KidChowPDX Porksgiving

Pork loin stuffed with bacon meat butter, bacon-wrapped garlic, and rosemary.


This was our first time making the main course for Thanksgiving for our parents. Trust us, it turned out amazing! Save turkeys, EAT PIGS!

First, make the meat butter. Grab a pound of good bacon, none of the sweet, thin stuff, make sure it’snice and thick and extra tasty. We used Carlton Farms. Fry it up. It will take a long time (we used 28 pieces) so we recommend using a sheet pan in the oven. The bacon cannot be crunchy. Do NOT overcook.! Let it cool for about five minutes. Then we poured the bacon grease into our food processor and chopped up the bacon as well as we could by hand. Deposit that bacon into the cuisinart and start grinding it. Grind it for a long time until you have a substance much like butter or paté in texture.

Fry up some more bacon and while it is cooking, peel a bunch of garlic cloves, but make sure the bacon doesn’t burn so you will be able to wrap it around the garlic cloves. Dry of the bacon grease. Wrap the garlic in bacon. Put a little rosemary in each roll.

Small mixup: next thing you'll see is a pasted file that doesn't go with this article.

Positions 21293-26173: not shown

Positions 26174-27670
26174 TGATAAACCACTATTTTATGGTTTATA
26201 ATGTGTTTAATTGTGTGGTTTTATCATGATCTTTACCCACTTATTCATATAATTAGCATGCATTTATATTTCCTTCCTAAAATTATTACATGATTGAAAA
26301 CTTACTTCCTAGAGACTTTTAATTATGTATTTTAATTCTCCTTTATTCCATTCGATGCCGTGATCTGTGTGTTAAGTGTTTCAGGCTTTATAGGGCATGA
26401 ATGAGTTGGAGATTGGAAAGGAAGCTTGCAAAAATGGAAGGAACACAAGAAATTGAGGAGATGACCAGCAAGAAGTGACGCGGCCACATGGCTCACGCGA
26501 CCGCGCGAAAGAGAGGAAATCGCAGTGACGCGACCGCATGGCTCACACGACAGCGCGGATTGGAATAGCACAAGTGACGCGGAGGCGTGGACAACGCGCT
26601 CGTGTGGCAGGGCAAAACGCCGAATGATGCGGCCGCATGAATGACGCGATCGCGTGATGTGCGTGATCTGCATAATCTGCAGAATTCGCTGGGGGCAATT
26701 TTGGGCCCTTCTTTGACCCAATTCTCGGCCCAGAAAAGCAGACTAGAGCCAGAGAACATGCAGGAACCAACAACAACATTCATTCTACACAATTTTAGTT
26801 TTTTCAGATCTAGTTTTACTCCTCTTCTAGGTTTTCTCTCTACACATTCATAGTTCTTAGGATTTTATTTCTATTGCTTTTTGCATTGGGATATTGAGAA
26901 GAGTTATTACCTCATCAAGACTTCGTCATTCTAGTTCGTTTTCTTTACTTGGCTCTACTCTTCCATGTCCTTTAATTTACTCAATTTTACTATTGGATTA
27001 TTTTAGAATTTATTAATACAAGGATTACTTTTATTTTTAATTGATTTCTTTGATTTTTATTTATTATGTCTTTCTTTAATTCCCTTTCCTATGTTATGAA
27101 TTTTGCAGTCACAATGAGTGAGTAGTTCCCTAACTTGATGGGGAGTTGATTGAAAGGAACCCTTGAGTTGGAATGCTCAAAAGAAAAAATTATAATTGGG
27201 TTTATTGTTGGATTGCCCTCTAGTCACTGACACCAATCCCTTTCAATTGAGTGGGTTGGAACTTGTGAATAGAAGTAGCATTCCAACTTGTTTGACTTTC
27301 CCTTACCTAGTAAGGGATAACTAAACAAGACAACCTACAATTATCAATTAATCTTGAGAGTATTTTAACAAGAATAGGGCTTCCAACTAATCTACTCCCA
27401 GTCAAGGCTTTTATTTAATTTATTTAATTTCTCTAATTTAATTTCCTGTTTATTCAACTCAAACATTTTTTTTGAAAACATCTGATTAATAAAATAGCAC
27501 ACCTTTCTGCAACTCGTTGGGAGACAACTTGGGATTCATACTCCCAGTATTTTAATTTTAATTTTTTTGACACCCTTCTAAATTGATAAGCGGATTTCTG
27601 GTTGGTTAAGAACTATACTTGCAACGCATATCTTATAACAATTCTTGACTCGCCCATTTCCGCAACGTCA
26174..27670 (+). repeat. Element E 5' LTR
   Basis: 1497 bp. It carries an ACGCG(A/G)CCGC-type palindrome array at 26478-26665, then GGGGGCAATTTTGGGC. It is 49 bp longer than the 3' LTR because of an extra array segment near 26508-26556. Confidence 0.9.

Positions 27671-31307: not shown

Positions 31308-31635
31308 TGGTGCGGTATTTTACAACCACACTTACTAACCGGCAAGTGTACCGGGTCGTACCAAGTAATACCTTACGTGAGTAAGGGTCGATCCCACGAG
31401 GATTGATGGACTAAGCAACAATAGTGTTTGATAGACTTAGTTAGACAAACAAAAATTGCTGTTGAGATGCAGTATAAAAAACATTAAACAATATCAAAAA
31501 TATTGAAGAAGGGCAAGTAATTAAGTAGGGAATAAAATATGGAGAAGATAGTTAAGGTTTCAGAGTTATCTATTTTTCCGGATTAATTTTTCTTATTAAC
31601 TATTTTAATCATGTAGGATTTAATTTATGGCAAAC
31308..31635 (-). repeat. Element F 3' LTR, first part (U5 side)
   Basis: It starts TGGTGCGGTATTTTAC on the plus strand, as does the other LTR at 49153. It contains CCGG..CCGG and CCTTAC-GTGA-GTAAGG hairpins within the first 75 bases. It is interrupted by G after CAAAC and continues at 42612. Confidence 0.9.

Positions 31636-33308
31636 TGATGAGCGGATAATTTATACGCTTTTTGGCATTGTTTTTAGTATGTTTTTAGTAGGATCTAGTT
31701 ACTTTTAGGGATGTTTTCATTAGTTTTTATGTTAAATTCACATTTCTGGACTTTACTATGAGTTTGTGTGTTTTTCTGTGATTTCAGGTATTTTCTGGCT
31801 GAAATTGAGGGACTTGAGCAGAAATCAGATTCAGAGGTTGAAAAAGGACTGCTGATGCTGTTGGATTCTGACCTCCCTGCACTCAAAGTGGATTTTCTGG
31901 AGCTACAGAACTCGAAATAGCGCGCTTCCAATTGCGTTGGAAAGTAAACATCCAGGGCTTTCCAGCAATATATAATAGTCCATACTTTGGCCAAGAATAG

To prepare the loin, cut large hose in it. Insert the bacon wrapped garlic. Then plop small chunks of the meat butter on top of the pork loin and smush them around. Add some more rosemary and drizzle olive oil on top.

We baked it at 450 until it was nicely browned. Then we decreased the temperature to 375 and cooked it till it was done. Be careful not to overcook or it will be dry.

Serve with other Thanksgiving delights and be aware that this recipe can be used on any day, not just on Thanksgiving.

Wildwood’s New Menu!

On November 19, Wildwood got a new menu. We happened to be there that night. We were super lucky!